Takeout will soon only come with plastic utensils and ketchup packages if you request them

Denver City Council passed a bill making this a requirement for restaurants and third-party food vendors.
3 min. read
Julian Rai drops off a Grubhub order on a Friday evening. March 13, 2020. (Kevin J. Beaty/Denverite)

Getting forks, spoons and condiment packages from that new place you've been meaning to try will soon only happen if you specifically request them.

Denver City Council on Monday passed a bill requiring restaurants and third-party delivery vendors like Grubhub and Postmates to offer plastic utensils and condiments packages for both deliveries and take-out food orders only when people ask for them.

The bill doesn't just cover extra forks. It includes things like chopsticks, napkins, straws, stirrers and cocktail sticks, as well as single-use condiment packets, like ketchup or soy sauce. It will apply for orders made in-person, online or by phone.

Councilmember Kendra Black was the bill's primary sponsor. She wants everyone to avoid having a drawer full of extra ketchup packages and utensils, items she said will end up in the trash anyway. She hopes her bill will ultimately lead to less plastic piling up at landfills.

It will be up to the city's Office of Climate Action, Sustainability, and Resiliency to create rules based on the new law, Black said. She didn't have a timeline for that process, though she hopes the rule come by this year. Grace Rink, executive director of the climate office, said over email that barring any unforeseen circumstances, the new rules will be ready by early 2022.

Food delivery skyrocketed during the pandemic as restaurants and other eateries were required to close. But Black noted that spike led to an increase in single-use plastics (in other words, plastic you only use once and almost immediately throw away). She hopes her bill will help cut this back significantly.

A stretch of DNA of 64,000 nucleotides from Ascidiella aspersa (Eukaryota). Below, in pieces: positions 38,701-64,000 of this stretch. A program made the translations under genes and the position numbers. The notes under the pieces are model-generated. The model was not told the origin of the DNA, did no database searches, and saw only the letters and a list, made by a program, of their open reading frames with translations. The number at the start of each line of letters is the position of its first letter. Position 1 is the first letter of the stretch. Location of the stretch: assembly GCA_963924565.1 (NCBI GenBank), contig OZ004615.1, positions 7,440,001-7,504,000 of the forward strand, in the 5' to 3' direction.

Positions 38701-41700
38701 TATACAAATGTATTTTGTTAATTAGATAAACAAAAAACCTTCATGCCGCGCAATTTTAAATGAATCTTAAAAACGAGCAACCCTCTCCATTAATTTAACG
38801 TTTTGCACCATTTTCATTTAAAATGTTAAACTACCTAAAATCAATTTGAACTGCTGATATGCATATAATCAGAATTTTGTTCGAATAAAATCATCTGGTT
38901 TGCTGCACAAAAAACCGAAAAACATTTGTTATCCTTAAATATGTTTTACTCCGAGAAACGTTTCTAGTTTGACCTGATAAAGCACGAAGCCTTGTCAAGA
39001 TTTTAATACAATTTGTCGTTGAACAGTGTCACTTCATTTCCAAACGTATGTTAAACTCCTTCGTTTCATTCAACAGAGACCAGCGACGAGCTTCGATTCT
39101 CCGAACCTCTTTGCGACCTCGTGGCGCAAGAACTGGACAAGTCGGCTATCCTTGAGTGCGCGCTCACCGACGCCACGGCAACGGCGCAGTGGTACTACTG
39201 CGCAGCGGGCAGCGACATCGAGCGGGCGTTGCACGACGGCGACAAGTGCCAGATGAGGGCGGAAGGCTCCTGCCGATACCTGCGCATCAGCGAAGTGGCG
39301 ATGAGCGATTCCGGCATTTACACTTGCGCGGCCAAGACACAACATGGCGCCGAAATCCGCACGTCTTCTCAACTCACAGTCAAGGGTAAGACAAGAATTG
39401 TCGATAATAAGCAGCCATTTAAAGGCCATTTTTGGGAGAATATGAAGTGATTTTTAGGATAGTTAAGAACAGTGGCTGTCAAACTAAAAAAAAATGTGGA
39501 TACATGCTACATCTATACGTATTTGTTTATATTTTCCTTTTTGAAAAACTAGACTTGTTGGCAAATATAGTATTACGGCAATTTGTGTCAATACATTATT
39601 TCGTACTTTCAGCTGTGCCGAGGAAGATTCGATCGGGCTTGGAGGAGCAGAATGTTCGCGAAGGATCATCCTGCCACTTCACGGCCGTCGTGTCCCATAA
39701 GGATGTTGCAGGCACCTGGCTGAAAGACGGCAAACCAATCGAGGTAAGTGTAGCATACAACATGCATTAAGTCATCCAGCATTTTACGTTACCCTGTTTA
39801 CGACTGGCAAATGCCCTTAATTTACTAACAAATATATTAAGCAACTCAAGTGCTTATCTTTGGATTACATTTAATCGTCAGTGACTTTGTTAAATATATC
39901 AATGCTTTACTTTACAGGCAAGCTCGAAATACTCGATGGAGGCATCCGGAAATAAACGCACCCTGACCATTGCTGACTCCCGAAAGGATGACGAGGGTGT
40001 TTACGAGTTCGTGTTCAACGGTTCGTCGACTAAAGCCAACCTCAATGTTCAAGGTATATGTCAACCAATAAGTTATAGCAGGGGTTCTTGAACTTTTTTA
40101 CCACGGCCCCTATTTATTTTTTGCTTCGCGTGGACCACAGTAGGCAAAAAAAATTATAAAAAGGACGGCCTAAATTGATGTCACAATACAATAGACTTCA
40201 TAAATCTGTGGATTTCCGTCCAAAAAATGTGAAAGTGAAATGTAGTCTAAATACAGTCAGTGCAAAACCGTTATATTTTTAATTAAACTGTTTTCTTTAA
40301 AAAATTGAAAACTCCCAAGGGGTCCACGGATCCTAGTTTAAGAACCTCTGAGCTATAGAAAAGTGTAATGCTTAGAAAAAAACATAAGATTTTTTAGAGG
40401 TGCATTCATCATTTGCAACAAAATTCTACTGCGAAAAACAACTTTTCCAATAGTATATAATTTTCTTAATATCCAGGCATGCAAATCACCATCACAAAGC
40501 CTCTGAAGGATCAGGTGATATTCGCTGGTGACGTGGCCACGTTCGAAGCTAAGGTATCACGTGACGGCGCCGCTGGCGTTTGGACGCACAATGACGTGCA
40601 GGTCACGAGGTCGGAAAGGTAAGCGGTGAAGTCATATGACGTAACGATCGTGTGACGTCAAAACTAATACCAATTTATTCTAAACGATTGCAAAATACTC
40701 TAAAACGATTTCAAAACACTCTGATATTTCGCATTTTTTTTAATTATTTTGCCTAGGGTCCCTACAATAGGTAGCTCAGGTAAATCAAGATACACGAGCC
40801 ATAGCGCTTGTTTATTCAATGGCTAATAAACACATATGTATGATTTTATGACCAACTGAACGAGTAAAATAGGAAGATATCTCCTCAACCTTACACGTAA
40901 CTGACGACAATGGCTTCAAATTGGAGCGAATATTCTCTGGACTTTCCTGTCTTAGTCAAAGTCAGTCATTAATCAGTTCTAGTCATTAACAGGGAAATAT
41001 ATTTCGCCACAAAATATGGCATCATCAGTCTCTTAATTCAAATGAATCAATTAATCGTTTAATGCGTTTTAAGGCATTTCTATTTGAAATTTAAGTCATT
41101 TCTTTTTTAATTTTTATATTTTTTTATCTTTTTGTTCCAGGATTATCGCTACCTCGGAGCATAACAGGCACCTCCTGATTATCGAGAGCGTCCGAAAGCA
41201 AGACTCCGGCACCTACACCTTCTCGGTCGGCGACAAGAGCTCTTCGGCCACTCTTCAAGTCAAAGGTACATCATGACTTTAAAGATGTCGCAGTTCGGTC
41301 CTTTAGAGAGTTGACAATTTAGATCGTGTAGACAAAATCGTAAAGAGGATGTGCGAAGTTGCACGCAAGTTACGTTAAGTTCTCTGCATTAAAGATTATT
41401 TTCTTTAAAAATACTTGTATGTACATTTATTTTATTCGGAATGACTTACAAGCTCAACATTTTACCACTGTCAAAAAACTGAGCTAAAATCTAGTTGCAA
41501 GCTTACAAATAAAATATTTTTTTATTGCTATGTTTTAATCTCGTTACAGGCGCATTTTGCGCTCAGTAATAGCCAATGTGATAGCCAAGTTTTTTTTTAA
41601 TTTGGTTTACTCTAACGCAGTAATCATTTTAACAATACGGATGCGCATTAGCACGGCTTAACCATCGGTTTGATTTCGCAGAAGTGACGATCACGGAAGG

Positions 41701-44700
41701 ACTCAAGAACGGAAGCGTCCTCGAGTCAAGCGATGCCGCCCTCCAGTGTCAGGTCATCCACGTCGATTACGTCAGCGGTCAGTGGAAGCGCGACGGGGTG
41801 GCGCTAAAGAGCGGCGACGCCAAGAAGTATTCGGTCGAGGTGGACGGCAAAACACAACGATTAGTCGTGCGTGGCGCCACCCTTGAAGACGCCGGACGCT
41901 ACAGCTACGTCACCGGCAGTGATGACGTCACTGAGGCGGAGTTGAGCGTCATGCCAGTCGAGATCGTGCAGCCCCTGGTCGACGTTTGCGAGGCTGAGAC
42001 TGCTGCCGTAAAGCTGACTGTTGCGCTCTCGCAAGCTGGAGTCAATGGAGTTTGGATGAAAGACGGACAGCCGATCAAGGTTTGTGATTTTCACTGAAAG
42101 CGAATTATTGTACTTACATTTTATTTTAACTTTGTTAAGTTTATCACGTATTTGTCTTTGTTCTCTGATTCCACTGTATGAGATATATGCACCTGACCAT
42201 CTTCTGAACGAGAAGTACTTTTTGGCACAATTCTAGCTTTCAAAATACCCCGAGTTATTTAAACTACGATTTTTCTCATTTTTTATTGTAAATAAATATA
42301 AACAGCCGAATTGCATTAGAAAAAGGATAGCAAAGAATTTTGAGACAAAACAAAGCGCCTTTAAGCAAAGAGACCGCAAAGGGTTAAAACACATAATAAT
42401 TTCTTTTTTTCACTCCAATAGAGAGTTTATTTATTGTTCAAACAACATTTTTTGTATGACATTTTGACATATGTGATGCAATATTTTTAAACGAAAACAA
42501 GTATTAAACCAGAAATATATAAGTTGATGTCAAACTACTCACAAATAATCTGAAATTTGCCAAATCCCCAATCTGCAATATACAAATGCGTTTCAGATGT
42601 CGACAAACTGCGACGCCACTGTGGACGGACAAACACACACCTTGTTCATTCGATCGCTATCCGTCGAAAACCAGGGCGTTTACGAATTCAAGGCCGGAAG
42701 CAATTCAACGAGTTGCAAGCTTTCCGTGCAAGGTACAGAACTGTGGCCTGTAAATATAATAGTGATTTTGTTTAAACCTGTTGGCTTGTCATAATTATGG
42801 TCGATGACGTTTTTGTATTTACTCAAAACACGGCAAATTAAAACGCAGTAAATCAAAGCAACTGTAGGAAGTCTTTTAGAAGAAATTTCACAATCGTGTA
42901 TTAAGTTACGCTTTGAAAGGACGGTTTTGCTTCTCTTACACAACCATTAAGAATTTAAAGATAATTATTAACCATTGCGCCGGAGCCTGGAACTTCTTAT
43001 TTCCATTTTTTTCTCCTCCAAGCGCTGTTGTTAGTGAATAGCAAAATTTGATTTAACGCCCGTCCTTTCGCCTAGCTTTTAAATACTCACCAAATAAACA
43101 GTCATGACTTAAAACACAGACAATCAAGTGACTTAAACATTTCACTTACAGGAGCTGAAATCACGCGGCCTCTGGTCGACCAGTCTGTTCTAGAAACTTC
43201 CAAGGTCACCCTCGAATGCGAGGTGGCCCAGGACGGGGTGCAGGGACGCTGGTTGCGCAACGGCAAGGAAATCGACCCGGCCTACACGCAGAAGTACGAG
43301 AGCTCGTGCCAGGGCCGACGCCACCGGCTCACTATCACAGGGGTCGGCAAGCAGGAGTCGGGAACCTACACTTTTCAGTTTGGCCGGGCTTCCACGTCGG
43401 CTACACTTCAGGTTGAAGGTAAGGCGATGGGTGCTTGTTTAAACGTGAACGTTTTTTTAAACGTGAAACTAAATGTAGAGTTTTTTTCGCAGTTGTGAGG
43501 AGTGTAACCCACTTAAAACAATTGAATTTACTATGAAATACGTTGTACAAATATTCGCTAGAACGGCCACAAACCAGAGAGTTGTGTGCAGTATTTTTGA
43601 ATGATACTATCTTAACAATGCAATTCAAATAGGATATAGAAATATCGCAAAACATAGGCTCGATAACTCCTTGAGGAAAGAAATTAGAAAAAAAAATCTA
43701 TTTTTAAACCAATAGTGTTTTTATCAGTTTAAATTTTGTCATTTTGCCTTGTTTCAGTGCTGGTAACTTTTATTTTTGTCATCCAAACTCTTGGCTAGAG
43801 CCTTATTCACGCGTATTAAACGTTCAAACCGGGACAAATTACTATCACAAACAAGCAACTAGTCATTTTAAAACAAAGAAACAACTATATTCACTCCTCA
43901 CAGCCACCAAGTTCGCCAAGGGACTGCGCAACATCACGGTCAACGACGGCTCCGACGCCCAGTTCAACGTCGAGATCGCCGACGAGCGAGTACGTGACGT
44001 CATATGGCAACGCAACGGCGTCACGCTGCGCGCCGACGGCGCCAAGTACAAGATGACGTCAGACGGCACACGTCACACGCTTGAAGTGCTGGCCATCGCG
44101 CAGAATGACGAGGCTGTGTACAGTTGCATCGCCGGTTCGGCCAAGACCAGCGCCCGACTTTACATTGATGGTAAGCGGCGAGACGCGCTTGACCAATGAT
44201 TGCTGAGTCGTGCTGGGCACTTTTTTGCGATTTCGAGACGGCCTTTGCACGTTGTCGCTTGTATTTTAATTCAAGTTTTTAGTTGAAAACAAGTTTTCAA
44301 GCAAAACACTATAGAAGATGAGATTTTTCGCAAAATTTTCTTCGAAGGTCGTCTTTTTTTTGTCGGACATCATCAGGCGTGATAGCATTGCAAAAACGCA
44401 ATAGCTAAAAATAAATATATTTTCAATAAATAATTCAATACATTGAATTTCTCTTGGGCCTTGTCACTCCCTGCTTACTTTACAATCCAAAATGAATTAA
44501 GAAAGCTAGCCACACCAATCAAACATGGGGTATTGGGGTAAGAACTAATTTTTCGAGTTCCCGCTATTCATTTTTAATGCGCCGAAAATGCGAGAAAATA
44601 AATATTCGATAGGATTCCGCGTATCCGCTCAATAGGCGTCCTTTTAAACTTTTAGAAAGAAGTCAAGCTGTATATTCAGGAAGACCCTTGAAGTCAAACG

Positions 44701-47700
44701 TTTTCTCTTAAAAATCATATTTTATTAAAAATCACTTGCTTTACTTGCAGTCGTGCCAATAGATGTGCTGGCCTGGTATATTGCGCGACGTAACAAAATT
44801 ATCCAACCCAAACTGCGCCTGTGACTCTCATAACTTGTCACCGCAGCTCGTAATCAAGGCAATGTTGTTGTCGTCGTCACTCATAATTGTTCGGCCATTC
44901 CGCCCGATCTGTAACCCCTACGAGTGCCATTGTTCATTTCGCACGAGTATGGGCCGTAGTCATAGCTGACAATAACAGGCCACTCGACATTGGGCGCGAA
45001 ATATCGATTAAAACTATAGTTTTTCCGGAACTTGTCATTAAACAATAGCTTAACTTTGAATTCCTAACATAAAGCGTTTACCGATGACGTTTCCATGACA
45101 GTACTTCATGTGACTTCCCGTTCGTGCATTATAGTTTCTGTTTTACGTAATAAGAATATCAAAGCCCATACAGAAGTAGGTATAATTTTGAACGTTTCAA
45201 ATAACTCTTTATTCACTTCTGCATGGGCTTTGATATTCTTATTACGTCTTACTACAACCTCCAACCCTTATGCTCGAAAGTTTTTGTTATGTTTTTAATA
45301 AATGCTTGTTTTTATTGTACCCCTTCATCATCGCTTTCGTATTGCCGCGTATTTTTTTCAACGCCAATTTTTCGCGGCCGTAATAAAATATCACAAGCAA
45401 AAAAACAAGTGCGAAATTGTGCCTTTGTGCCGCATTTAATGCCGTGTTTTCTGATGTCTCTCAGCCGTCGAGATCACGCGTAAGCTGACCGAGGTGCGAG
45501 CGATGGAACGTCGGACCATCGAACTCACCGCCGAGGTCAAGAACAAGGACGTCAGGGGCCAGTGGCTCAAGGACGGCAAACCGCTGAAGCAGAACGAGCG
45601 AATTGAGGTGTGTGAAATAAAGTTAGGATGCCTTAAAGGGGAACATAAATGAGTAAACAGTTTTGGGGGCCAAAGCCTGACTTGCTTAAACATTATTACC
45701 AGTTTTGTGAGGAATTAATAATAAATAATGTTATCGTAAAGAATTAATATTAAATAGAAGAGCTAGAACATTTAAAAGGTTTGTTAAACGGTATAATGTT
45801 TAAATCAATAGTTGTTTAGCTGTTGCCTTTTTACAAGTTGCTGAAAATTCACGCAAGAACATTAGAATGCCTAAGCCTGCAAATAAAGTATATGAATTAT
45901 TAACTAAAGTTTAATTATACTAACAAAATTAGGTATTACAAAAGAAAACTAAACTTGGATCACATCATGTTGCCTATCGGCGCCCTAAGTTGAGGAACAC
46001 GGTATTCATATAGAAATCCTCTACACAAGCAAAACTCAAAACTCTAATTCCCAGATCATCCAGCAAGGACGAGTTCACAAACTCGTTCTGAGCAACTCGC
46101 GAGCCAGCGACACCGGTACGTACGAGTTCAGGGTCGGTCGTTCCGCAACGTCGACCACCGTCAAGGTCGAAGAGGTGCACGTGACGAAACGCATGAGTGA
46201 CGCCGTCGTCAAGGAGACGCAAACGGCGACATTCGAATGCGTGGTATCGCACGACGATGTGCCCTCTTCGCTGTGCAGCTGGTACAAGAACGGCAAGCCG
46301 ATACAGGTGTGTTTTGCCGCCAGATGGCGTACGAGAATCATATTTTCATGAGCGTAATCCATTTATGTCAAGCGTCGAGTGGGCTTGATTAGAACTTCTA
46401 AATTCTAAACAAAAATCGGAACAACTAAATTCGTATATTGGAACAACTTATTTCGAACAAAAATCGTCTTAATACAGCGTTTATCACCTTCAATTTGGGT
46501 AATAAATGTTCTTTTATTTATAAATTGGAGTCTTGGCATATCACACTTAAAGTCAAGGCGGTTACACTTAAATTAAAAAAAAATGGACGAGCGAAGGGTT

"It's a win-win for everyone," Black said. "(It's) good for the environment, good for restaurants, good for customers."

The new law won't ban anything. You'll still be able to get plastic utensils or napkins if you go to McDonald's or Chipotle, for example, and restaurants will still be able to provide more stuff for your condiment drawer if you request it. And there will be some exemptions for places like hotel room service or meals provided by schools or shelters for people experiencing homelessness.

Denise Mickelsen, communications director for the Colorado Restaurant Association, said over email that results from the association's January 2021 restaurant impact survey showed 80 percent of all restaurants use single-use utensils or bags. Mickelsen added restaurants in Colorado reported 30 percent of their sales were coming from takeout and delivery at the end of 2020, compared to 15 percent before the pandemic. The association did not take a formal position on the bill.

"What's most important to us is that restaurants continue to have the ability to offer single-use plastic implements to customers rather than being strictly limited to waiting for customers to make the request," Mickelsen said. "The ordinance as currently drafted addresses those concerns."

Black said the new law may actually help local restaurants, because it will save them money from having to buy more materials for take-out and deliveries. She added most people who order out don't want utensils because they already have them at home.

Once the rules are made, Black said there will be additional outreach to restaurants to ensure they comply with the new rules. The bill had no opposition when it was heard at a city council committee last month, before it was brought before the full council.

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